With a 19-round win over host South Africa in Cape Town, Australia, she won the Women’s T20 World Cup title for the third time in a row and her sixth overall title.

Beth Mooney shined again on the big stage, scoring nine-fours and a six-on-one with 74 undefeated from 54 balls and 156 on six after choosing to strike first at Newlands, Australia.

Reaching the age of half a century, Mooney made an undefeated 78 in Australia’s crushing victory over India in 2020, becoming the first player to score more than two fifty in the Women’s T20 World Cup finals.

South African opener Laura Wolvaardt took her side in the contention in their first appearance in the final, with a perfect 61 in response, but Proteas lost regular wickets and fell behind at 137 on six.

Australia impressed during the power play throughout the tournament and after winning the draw, Alyssa Healy and Mooney got off to another good start, scoring 36 points in the top five.

Marizanne Kapp broke that stance when she caught Healy at 18, but Ash Gardner picked up where her teammate left off in a second wicket stand with Mooney at 46.

The player of the tournament, Gardner, hit two sixes and two fours while he scored 29 points before being caught trying to get big again in Chloe Tryon’s bowling.

Grace Harris then bowled cleanly for 10 points by Nonkululeko Mlaba and Australia dropped to 103 by three in Round 15.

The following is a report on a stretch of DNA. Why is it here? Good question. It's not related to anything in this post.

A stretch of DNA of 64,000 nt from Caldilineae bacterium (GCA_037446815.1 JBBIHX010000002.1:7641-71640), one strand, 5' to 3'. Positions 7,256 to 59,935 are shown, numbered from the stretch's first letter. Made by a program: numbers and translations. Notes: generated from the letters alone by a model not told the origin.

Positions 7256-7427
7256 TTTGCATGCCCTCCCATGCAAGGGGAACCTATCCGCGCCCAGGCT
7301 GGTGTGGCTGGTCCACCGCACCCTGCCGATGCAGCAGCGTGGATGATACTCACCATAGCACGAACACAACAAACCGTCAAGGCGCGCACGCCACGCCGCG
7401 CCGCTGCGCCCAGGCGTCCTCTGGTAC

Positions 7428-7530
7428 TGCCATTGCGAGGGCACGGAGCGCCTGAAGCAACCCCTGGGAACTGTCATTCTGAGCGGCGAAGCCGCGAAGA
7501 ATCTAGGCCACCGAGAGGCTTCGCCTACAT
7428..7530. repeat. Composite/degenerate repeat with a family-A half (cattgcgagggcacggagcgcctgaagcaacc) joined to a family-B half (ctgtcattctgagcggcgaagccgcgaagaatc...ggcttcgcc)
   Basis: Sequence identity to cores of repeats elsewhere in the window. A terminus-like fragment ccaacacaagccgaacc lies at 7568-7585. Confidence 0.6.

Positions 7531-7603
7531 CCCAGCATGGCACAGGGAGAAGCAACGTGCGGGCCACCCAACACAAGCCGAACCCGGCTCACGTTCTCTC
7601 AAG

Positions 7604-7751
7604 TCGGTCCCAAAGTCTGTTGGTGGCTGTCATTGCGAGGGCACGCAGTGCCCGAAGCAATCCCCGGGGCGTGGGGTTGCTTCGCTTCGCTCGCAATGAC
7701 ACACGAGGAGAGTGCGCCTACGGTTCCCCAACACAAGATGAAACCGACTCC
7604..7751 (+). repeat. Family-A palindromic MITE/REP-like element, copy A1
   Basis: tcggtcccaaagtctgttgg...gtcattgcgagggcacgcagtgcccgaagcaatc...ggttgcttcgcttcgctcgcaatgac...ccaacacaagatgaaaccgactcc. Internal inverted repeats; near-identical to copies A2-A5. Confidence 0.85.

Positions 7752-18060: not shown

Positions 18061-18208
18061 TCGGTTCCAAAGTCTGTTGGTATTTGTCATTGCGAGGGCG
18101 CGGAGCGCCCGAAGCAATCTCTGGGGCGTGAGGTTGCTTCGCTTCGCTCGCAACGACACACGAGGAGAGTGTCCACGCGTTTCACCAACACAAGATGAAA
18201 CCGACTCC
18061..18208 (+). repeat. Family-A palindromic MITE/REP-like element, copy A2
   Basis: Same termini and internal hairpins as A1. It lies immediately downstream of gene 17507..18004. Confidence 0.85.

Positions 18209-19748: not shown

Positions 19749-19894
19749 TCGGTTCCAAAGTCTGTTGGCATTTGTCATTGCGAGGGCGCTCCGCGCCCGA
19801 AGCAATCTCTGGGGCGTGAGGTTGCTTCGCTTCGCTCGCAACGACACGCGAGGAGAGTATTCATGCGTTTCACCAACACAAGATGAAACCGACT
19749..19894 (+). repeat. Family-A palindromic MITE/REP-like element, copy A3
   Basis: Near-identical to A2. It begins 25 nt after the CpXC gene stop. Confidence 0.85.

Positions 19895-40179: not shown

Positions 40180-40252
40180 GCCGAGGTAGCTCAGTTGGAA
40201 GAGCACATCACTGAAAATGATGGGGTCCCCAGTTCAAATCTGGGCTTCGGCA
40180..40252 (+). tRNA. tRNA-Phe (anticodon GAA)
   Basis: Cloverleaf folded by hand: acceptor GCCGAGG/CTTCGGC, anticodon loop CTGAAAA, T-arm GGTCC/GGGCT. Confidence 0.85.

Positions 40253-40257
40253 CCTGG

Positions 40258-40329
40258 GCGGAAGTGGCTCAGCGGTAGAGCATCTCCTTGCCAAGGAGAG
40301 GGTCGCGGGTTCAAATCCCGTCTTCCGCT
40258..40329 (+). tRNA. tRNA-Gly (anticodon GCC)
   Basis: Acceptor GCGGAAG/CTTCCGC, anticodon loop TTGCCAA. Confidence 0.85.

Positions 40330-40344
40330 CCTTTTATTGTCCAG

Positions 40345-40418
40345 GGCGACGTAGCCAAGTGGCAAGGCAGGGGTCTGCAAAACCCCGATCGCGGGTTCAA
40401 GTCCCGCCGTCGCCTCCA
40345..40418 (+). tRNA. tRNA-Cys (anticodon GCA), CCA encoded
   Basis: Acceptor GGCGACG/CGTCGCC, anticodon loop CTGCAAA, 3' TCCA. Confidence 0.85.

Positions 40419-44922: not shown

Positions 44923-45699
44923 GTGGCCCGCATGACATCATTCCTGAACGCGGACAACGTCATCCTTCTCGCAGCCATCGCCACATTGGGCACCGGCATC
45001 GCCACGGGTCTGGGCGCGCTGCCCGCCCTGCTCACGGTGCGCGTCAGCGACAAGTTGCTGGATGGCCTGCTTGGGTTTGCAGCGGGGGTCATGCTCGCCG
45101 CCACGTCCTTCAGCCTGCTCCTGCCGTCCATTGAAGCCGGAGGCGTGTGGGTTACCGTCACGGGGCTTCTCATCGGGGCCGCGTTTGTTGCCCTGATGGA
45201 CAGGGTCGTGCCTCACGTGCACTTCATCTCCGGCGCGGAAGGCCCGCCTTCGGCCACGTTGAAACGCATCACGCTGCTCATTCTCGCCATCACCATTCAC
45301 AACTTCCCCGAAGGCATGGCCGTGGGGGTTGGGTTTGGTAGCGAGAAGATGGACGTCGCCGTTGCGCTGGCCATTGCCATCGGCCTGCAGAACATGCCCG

Despite his surroundings, Mooney stood strong at the other extreme, creating history with his half-century of history helping South Africa build a tough sum.

Shabnim Ismail – fresh out of England’s three-goal draw in their semi-final defeat – threw two balls in a row in the final, finishing 26 to two, while Kapp made two claims to 35, but Australia would have felt. a confident mood at the midpoint of the finale.

The all-conquering Australians immediately got to work with the ball as South Africa failed to capitalize on their power play, with Compensation Brits, the player of the match against England, making 10 from 17 balls before falling to Darcie Brown.

The hosts were going under a ball when Kapp handed Gardner straight into Brown’s hands and a big mess in the middle caused captain Sune Luus to go cheap.

That left South Africa at 54 in the third, but Wolvaardt’s stunning form continued as he stood firm at the top of the standings, making him his third consecutive half-century in the tournament.

He hit five fours and three sixes to hold his side, but Australia confirmed their sixth World Cup crown in eight presses when the 23-year-old was trapped by lbw as he tried to sweep Megan Schutt in the 17th round.